Art at Dante’s times

Jan 17, 2021 | Art-Test News, Cutural Heritage, Highlights, Restoration

After 2020, the unfortunate year dedicated to Raphael on the 500th anniversary of his death,  we are ready to embrace 2021 which in Italy, and around the world, will be the year of Dante’s celebrations, seven hundred years after the death of the great poet. It will be a year full of exhibitions, theatrical productionsmeetings, readings and conferences to which it will be possible to participate online, if not live, to celebrate Dante and the art of his time.
Although the scholastic definition of the Middle Ages as a “dark period” is widespread, we can confidently assert that art in Florence at the time of Dante was anything but dark! It was dazzling in its colors and extraordinarily flourishing in its many variations: from painting on wood to sculpture, from wood carving to mosaic decoration, from miniature to goldsmithing. An art rich in secular and profane symbolism, where form and content became one to convey concepts through images.
ArtTest had the pleasure of participating in the study of the cenotaph of Guillaume Bertand de Durfort, French count of Artois, who came to Italy as a military tutor and advisor to Aymeric de Narbonne at the service of the King of Naples Charles II of Anjou. He fell during the famous battle in the Campaldino plain, to which Dante himself took part.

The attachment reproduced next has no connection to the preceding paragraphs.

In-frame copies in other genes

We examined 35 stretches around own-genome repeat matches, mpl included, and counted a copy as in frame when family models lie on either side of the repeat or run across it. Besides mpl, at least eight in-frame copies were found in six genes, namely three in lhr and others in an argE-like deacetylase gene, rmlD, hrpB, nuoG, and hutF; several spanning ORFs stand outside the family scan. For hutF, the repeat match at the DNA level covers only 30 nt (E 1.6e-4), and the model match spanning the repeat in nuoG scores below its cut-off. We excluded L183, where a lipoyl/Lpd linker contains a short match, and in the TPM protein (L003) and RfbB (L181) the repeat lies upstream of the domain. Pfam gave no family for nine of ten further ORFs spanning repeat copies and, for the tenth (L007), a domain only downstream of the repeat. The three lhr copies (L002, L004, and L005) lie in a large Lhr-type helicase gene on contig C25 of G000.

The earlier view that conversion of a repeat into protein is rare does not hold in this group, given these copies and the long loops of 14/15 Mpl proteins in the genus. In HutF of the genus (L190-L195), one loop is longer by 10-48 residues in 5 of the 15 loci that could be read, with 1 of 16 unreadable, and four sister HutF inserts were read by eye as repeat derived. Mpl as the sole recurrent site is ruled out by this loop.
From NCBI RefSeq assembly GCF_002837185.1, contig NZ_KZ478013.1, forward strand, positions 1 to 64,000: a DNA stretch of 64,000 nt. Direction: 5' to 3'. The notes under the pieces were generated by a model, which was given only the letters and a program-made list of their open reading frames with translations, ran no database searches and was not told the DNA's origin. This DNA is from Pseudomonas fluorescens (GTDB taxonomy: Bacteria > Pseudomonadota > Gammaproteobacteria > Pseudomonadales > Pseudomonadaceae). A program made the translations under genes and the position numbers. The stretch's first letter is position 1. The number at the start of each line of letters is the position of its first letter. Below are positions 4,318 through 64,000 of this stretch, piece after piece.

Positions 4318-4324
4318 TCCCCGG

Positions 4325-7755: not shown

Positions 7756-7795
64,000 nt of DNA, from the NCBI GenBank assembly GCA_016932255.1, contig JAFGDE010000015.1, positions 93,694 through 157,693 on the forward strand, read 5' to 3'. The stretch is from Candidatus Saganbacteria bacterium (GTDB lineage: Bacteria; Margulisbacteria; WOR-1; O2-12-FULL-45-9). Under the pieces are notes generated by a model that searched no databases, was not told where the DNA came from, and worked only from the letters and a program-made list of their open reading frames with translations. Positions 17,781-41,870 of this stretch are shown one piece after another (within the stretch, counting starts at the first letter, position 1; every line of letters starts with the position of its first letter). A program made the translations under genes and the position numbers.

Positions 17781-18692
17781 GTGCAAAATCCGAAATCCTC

The Count’s remains were brought to Florence and buried in the Church of the Santissima Annunziata, given the spiritual link between the leader and the newborn Order of the Servants of Mary. The work, attributed to an artist of Byzantine culture, is characterized by a sober and fully absorbed classicism, by a broad definition of the expressive yet impassive face and by the elegance of the molded frames. And, speaking of art dazzling in colors, it is interesting to note that diagnostic investigations revealed that the work was originally polychrome!

Federica Fani

RELATED POSTS

Anna Bronzoni Catellani

Anna Bronzoni Catellani

How did you become a restorer? What was your education/training path? My training journey began with the Institute for Art and Restoration Palazzo Spinelli-Nicolini, in Florence many years ago and precisely in 1983, and then continued with the Faculty of Art History...

0 Comments